The past two weeks, I’ve written about my experience learning from Christen how to audit and edit my closet, and how to dress not only better, but also more like the person I am: a young, fashion-curious person who works in a non-traditional industry. Not only do I want to look more “cool,” I should.
Post-Christen revelations, finale
We finish the evening by making a shopping list. First and foremost, invest in more neutrals that aren’t black. Of course, I wear a lot of black, so adding more to it is the easy choice. But if I add more cream, white, tan, navy, I’ll get a wider range of outfit options, not just by adding pieces, but by adding all colors that are guaranteed to go together — I can feel more comfortable putting anything in my closet with anything else in my closet and call it a day.
As for the pieces I should add, they’re below:
1) Flowy, sleeveless shells. Great for blurring the contrast between my waist and my hips in a way that’s flattering, so I don’t look like pieces from two different puzzles.
2) Blazers. I’ll need to commit to tailoring these properly, and making sure to buy the appropriate lengths and materials, but a good blazer should last me long enough and give me enough wears that I’ll get a good return on investment.
3) Pants. Not jeans, nice pants. Christen maintains I need to try joggers, but I’m not sure I’m convinced. I will, however, take her advice and search out a good pair of tuxedo pants.
4) Less structured pieces in general. Aside from blazers, of course. I should be aiming for more floaty hemlines, more interesting draped cuts — things that don’t cut off my short frame, but stretch it out visually. It’s also easier to mix and match if not everything is structured. It makes sense when she puts it this way, but it’s not something I’ve thought about before.
5) More leggings. I only own two pairs, both basic black. This shocks Christen, and I vow to buy more, as well as the types of tops I can wear with them without imagining my father looking at me and asking if I’m planning to put on pants over my long johns.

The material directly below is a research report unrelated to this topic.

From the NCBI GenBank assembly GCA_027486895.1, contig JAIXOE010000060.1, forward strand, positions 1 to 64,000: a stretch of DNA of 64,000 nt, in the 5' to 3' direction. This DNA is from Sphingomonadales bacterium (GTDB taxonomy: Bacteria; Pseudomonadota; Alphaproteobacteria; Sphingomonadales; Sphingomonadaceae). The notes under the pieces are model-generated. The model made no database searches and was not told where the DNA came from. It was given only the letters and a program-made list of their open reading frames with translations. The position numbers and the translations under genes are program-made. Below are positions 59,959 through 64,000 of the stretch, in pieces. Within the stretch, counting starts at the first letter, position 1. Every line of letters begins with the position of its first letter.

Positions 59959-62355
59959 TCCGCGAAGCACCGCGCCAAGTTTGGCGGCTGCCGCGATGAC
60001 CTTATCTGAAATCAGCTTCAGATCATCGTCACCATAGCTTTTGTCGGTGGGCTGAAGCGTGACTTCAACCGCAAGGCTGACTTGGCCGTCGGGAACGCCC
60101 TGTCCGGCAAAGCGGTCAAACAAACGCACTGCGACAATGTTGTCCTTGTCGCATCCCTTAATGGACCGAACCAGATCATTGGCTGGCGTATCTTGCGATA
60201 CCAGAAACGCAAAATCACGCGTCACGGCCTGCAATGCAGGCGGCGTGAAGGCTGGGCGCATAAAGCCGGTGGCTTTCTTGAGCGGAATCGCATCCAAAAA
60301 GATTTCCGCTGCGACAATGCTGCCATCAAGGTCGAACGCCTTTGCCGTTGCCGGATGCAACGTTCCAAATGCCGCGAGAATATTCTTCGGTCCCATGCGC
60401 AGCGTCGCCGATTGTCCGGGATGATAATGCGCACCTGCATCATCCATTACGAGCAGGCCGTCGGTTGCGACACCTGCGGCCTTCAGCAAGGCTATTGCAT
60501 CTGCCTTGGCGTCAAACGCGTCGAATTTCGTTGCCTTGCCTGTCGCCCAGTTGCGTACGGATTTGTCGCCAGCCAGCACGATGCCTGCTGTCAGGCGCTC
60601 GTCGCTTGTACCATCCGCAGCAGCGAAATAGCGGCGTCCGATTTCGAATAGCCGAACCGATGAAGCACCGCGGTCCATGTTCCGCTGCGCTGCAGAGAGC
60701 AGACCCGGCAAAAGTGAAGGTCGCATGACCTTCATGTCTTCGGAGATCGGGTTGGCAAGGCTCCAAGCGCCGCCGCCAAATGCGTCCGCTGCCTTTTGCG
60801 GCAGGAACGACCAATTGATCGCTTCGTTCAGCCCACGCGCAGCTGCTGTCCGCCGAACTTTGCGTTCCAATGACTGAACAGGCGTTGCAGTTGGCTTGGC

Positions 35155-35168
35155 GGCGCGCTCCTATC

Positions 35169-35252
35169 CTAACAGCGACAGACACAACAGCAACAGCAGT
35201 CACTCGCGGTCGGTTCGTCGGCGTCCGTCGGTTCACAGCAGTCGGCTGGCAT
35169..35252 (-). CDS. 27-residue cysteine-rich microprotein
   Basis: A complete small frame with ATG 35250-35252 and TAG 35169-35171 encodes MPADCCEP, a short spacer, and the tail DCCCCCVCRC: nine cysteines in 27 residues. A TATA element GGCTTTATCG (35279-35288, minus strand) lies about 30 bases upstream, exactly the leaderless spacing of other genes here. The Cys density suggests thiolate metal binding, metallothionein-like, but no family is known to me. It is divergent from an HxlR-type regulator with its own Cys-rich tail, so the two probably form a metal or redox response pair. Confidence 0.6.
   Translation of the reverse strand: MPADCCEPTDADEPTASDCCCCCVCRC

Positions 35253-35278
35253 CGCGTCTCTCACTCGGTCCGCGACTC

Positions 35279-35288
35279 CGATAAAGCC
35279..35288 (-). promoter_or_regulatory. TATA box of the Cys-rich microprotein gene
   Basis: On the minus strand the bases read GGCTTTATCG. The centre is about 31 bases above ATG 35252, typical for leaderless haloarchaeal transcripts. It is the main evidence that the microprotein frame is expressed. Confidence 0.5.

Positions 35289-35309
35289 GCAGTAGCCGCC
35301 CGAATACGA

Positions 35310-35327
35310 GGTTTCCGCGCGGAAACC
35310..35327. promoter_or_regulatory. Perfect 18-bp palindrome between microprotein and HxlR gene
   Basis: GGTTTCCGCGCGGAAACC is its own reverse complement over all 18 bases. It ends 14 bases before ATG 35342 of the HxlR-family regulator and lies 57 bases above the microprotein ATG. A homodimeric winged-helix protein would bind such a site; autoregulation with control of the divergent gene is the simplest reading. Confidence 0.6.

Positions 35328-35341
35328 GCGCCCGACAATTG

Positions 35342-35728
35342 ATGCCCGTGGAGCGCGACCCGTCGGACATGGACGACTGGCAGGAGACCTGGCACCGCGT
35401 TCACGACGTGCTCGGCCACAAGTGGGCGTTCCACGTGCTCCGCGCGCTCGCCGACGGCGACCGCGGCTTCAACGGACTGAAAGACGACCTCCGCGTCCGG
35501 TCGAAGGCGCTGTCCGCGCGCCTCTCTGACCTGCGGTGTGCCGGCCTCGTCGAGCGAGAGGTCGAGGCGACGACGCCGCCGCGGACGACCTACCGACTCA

6) Black flats. Actually, lots of flats, but particularly black ones. Christen tells me, “No more round-toe ballet flats. Everything else works, from pointed to almond to oval, but the short round toe box is most certainly on its way out.”
She’s given me a lot to consider in my wardrobe, and that’s a good thing. I’m inclined to buy by rote, almost, so it will be refreshing — and probably safer on my budget — if I’m thinking of these things when I’m shopping. If it doesn’t fit the Christen Criteria, it doesn’t need to come home with me.
I’m relieved that she doesn’t share ways to minimize my curves, but rather accentuate properly. (There’s a right and a wrong way to do everything, isn’t there?) It’s always been one of my pet peeves when fashion advice to curvier girls consists basically of, “And then put on all of your shapewear because no one wants to see your hips.” I happen to like my body, and I’m glad when Christen recognizes this and makes suggestions that will be flattering — not minimizing — to my shape.
The shoes will be a tough one. I actually prefer a pointed toe on most things, but I’m also very hard on shoes–within days of buying pointed anything, the toes are scuffed and scratched. I’ll have to try harder to walk more gently, and break the bad habits I have, like allowing my foot to catch the chair leg to keep my legs crossed at dinner. At one point, Christen looks at a pair of red patent point-toe flats and asks how long I’ve had them. She is shocked when my answer is that I wore them for only two months last summer — they look like I’ve had them for years. (I start thinking about how old my shoes are in human years as compared to shoe years, and decide that shoe years must be even worse than dog years. This is a sad prospect for my footwear.)
I walk Christen out after we finish, and feel excited about my vestiary possibilities for 2016. I’m grateful to have her guidance, because I feel like she was able to really take my personality into account, and give me recommendations that don’t just suit my body type, but suit my needs — financial and practical in addition to sartorial. I am so pumped to share in a few months how this venture is going! I have a good feeling about this year.